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In my web application we have built a message center / inbox functionality, in the navigation of each page we link to the "Message Center" and include next to it a count of the unread messages, for example "Message Center (2)". To populate the (2), with each request we run a *SELECT COUNT(*) FROM MessageTable WHERE unread = true blah blah to get the count to include in the navigation.

This means that for each page load we are hitting this table and querying for a count.

I've come up with two alternatives:

  • Keeping the aggregate count elsewhere in the database rather then calculating the count each time (also taking the load off the message table). This still means hitting the database w/ each request.
  • Setting up a temporary queue destination per logged in user and sending updates to this queue if the user is logged in which can increment / decrement a count stored in the session. (not sure if this is even possible)

Are these good alternatives, are there other options?

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Have you confirmed there is a problem? Premature optimization is the root of all evil. A correct index will make the SELECT COUNT operation very cheap. –  erikkallen Oct 30 '09 at 20:33
When we do mass messaging and put a lot of load on that table it significantly impacts site performance. –  MichaelKStuovo Oct 30 '09 at 20:36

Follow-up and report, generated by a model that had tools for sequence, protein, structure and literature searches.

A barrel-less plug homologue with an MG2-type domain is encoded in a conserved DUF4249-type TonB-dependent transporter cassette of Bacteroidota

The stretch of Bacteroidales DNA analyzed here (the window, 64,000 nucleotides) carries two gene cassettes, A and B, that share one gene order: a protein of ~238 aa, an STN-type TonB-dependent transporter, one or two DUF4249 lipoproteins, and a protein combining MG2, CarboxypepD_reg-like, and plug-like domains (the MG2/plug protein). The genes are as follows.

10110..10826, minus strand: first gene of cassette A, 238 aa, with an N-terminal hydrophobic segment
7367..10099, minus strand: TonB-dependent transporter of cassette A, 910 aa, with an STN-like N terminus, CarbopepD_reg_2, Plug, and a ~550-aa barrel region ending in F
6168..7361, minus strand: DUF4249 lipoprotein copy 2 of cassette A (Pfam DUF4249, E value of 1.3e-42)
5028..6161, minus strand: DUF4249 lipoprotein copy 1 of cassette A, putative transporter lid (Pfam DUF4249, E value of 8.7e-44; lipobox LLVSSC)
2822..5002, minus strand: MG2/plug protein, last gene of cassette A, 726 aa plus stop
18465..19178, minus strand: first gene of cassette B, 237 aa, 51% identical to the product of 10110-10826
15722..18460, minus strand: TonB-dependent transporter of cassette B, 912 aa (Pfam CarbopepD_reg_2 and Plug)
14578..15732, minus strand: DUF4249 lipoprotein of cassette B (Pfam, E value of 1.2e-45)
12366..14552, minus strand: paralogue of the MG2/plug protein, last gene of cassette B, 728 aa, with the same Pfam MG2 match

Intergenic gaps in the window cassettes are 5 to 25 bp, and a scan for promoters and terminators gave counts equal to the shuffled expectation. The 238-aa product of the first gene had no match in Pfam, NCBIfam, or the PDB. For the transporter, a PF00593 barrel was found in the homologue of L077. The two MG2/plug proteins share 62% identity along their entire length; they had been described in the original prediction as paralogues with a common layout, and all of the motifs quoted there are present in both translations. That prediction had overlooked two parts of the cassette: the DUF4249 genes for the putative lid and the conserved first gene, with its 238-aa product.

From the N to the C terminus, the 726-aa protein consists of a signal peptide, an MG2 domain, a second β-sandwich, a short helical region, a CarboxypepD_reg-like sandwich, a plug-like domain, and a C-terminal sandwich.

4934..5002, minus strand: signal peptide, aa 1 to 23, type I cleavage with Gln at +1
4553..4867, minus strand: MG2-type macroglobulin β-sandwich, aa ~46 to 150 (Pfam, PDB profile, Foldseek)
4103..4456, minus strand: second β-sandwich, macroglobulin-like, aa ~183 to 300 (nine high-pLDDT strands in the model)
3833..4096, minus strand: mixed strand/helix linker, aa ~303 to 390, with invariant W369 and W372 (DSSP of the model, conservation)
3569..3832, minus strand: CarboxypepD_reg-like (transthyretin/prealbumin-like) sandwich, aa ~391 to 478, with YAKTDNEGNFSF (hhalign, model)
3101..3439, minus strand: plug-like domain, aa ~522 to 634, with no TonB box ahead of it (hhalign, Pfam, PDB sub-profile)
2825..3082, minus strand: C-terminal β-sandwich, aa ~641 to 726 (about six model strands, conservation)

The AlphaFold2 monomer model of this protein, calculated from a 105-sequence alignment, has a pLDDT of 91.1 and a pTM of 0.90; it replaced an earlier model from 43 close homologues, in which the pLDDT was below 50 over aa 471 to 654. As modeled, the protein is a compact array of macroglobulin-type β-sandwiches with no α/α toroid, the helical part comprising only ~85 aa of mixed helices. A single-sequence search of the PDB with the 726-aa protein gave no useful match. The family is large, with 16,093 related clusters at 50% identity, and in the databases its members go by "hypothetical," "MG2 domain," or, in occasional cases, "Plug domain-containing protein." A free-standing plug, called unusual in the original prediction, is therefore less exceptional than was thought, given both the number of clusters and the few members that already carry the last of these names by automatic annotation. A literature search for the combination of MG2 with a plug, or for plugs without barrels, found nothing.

2 Answers 2

One suggestion as mentioned in your post is using a different MessageCounters table with something like [UserId : NumberOfMessages]. Indexing UserId will make this a cheap operation (and it'd only trigger a write every time a new message arrives). The downside is that for every new message you'll be doing two different writes (one to MessageTable and another one to MessageCounters.

Other options you can consider if you really think that this is will be a problem are:

  • Store this data on Memcached and retrieve it from there. If you're at the scale where those queries worry you, you'll probably be using Memcached anyway.

  • Use a separate persistent K/V storage facility like Redis or TokyoCabinet for some of the simpler tasks of the website (like keeping this count).

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+1 for Memcached –  cottsak Nov 19 '09 at 16:56

So the number is the unread messages?

Maybe you can save that number to user's cookie and update it when

  • each time user checks new messages
  • user read a message (this can be done in javascript or server script)
  • timely basis
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This solves caching the problem, but not the freshness. If a user receives a new message the cookie value will be out of date. We are still left with the same problem. –  MichaelKStuovo Oct 30 '09 at 21:00

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